Unlike CM processes such as forging or investment casting, many 3D printing processes are different in terms of the materials that can be used and the delivery of materials. For example, a polymer-based 3D printing process will not work for metals or ceramics and vice versa. This makes process optimization very important for different materials that will be used with a specific printer. The user must know what material will be used and what kind of resolution is needed before selecting a 3D printer. This limitation is the main reason why different companies have multiple 3D printers for a variety of applications.

In this issue

The articles in this issue of MRS Bulletin discuss 3D printing of different types of biomaterials that are of significant interest, from load-bearing implants to TE to bioprinting. Childers et al. discuss 3D-printed resorbable polymeric scaffolds, primarily made of poly(propylene fumarate), for TE applications. Different 3D printing approaches to make these scaffolds along with the influence of porosity and degradation kinetics on clinical application of these scaffolds are discussed. The article by Vorndran et al. focuses on 3D printing of different ceramics, their advantages and disadvantages, and their in vitro and in vivo performance in TE and drug delivery. Regis et al. present 3D printing of porous metallic load-bearing implants, implant mechanical properties, biological properties, and clinical performance to show some of the inherent advantages of AM. The article by Li et al. focuses on bioprinting involving various 3D printing approaches aimed at TE, growth factor delivery, cell delivery, and regeneration of various organs. Finally, the sidebar article by Hutmacher discusses the need for definitions and norms applied to application of AM toward biomedical sciences. This issue offers a broad overview of the field of 3D-printed biomaterials along with a few specific applications that can assist the reader in obtaining an understanding of the current state of the art and to enable future scientific and technical contributions toward expanding the frontiers of 3D-printed biomaterials across a range of length scales.

Future trends

Three-dimensional printing of multi-material structures is one of the most promising future trends. Different materials at different locations in a structure can offer properties that cannot be achieved using monolithic structures. These materials can only be bonded to each other or alloyed during the part building, allowing for compositional variations in the part. For 3D-printed biomaterials, a simple example can help us understand the power of multi-material 3D printing. For total hip prosthesis, implants are made with either Ti6A14V or CoCrMo alloys. To enhance bone-tissue integration, implants are sometimes coated with porous Ti or Ta metal or calcium phosphate-based ceramics. However, different processing strategies are utilized for the addition of coatings. Using multi-material 3D printing, a calcium phosphate or metal coated hip stem can be directly manufactured from the same machine that can also produce an uncoated sample in the very next run. Therefore, in addition to flexibility in design modifications, the potential of incorporating compositional variations will allow future innovations in advanced materials and structures using 3D printing.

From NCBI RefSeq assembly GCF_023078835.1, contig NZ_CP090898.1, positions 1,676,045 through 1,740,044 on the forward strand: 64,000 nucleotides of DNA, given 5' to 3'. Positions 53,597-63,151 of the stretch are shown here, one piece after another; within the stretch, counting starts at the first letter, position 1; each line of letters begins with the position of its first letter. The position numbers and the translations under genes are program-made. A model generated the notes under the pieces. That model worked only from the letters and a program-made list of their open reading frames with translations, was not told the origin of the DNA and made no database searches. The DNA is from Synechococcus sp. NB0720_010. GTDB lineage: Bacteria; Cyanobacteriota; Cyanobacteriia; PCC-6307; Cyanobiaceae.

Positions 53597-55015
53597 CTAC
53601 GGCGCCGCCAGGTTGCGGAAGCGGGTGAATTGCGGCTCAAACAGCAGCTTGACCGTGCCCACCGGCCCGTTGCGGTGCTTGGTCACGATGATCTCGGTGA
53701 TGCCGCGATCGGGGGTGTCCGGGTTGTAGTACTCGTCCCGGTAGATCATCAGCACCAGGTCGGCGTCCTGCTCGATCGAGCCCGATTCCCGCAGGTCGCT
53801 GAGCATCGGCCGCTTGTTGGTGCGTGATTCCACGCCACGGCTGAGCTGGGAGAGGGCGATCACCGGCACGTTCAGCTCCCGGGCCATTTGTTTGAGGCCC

For bioprinting, multi-material structures include cells that can be printed along with organic or inorganic materials to make a fully functional scaffold for TE.Reference Bradley, Ringeisen, Pirlo, Wu, Yong, Wei, Qudus and Chrisey32 Such an approach is gaining considerable attention from a number of researchers, though there are many challenges that need careful attention. For example, cell viability will be key for successful bioprinting operation. Shelf-life of materials with and without cells is another significant issue. Also, due to significant variation in the stiffness of the cells and materials to be deposited, careful process optimization is necessary to build scaffolds that can be used for further in vitro or in vivo analysis.

Another important criterion is vascularization or new blood vessel network formation, commonly known as angiogenesis. Figure 4 shows new blood vessel formation in 3D-printed-doped tricalcium phosphate TE scaffolds in a rat distal femur model. 3D-printed TE scaffolds should support angiogenesis for functional tissue formation to enhance healing in vivo.Reference Fielding and Bose33Reference Tarafder and Bose39

Figure 4. New blood vessel formation in 3D-printed-doped tricalcium phosphate TE scaffolds implanted in a rat distal femur model.

Finally, 3D printing combined with drug or protein delivery is becoming popular and is expected to gain more attention in the future. Drug-/protein-loaded biomaterials with a controlled delivery option can be used to treat many diseases.Reference Bose and Tarafder38 In particular, specific drug combinations that are patient-matched and unique can be loaded into a single 3D-printed drug delivery device. However, drug–material and drug–drug interactions during 3D printing are complex topics and will require significant process optimization before actual applications can be realized and approved for patient use.

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Figure 0

Table I. Three-dimensional printing technologies and their applications in biomaterials.

Figure 1

Table II. Three-dimensional printing techniques and respective vendors.

Figure 2

Figure 1. Comparison of additive and conventional manufacturing processes of implants. Note: AM, additive manufacturing.

Figure 3

Figure 2. Laser Engineered Net Shaping processed craniofacial Ti implant (left) and fused deposition modeling processed polymer prototype of the skull with large defect (right).

Figure 4

Figure 3. Selective laser sintering-processed poly(caprolactone) tensile specimens shown post-fracture (D638-1D, D638-2D, and D638-3D) and compressive specimens (D695-1D, D695-2D, and D695-3D) based on ASTM D638 and D695 test specimen geometries endowed with 1D, 2D, and 3D orthogonal porous channels (placed on a 2-mm grid). Reproduced with permission from Reference 31. © Elsevier.

Figure 5

Figure 4. New blood vessel formation in 3D-printed-doped tricalcium phosphate TE scaffolds implanted in a rat distal femur model.